Do photobioreactors get overheated?

Discusses PBR design, various types of PBRs, case studies, costs...

Do photobioreactors get overheated?

Postby cacofonix » Fri Jan 30, 2009 6:48 am

I read somewhere that photobioreactors could get overheated and need to be cooled often. Is this true?
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Re: Do photobioreactors get overheated?

Postby rlantis » Fri May 22, 2009 8:15 pm

Since most algal species of interest do exhibit a temperature-based correlation with growth/yield rate, many times the economics of the process necessitates a tight control of temperature optimization.

In the end, it all comes down to the economics in order to determine what a particular process would consider as "over-heating" (as well as "under-heating"). A well-designed process will maximize the temperature benefit while simultaneously taking advantage of other related issues. Through these inter-related processes, an integrated approach that considers all requirements and available resources offers the optimum solution.
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Re: Do photobioreactors get overheated?

Postby Asen Nenov » Wed May 27, 2009 2:19 am

The question is so general that it is difficult to answer. The overheating is connected with inability to dissipate the heat - for example lack of heat transfer for some reason. One obvious reason may be that the environment temperature is high.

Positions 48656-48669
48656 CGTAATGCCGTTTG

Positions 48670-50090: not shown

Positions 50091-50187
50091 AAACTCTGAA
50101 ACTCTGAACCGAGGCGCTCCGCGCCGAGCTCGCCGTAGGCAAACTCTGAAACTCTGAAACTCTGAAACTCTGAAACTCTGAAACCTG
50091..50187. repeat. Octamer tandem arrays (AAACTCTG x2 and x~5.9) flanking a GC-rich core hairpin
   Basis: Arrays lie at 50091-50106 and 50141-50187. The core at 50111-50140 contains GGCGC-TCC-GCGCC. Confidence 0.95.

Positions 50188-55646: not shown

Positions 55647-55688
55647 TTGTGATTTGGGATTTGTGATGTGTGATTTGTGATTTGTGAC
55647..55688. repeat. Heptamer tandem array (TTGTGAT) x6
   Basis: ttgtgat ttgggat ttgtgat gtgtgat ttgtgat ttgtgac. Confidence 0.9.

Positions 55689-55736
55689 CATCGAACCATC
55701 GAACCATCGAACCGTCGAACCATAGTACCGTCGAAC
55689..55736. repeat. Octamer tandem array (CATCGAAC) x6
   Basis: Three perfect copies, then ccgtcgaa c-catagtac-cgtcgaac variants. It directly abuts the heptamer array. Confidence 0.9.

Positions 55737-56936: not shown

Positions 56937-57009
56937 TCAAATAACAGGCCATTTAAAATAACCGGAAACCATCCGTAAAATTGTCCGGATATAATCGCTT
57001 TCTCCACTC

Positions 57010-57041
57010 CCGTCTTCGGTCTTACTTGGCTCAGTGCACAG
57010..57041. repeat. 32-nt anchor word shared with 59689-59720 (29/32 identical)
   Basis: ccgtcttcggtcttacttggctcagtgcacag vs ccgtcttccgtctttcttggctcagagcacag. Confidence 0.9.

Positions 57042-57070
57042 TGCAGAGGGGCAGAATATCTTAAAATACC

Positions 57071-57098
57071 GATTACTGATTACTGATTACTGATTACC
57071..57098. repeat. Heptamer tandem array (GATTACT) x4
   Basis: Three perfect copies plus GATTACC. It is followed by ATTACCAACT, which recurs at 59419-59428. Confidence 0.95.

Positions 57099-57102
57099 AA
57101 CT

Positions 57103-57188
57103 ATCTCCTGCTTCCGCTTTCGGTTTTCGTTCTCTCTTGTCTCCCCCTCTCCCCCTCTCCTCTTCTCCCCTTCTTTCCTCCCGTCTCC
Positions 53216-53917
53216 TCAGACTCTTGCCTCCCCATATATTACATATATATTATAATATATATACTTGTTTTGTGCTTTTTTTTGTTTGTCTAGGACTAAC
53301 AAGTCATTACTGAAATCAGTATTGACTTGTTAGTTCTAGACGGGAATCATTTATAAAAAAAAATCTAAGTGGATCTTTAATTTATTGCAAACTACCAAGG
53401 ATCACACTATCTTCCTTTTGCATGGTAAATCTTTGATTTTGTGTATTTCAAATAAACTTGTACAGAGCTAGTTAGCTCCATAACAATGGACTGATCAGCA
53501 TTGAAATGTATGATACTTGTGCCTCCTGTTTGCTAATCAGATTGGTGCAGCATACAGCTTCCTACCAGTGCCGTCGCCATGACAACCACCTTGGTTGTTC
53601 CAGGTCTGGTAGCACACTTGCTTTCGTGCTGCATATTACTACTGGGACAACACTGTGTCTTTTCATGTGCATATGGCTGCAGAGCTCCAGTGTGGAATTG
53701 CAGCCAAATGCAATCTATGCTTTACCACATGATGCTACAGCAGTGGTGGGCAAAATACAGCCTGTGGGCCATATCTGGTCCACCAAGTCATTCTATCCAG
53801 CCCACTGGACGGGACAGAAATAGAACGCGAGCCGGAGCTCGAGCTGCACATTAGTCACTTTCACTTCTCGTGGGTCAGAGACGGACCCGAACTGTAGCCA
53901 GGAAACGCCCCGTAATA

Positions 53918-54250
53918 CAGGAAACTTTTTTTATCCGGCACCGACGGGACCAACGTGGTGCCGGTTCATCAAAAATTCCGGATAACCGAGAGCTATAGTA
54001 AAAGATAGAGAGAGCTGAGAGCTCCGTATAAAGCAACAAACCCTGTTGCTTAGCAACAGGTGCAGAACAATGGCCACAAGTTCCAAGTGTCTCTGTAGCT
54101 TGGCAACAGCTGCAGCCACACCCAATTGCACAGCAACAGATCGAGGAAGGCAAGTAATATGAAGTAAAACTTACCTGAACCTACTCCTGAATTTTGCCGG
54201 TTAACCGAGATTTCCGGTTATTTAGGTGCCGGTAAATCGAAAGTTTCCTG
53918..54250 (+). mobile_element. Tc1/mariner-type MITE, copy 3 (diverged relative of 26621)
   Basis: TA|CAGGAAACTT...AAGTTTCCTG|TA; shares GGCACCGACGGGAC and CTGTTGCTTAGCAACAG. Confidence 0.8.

If we are talking about outside placed closed airlift or bubble column PBR, they could overheat because of the solar irradiation. This is why when placing these PBRs outside, it is a good idea to cover them with a tent and measure the temperature for a period of time.... Or to select a different strain - known for surviving high temperatures.
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Re: Do photobioreactors get overheated?

Postby ecoduna » Mon May 02, 2011 8:42 pm

Of course this is possible. In my opinion, it's much more expensive to cool the reactor in summer than to keep it warm in winter. The company i'm working in has created
a fantastic concept - large, flat panel systems within a greenhouse made of foile ... check it out at
We are building the world's biggest system with nearly 90.000 litres ...

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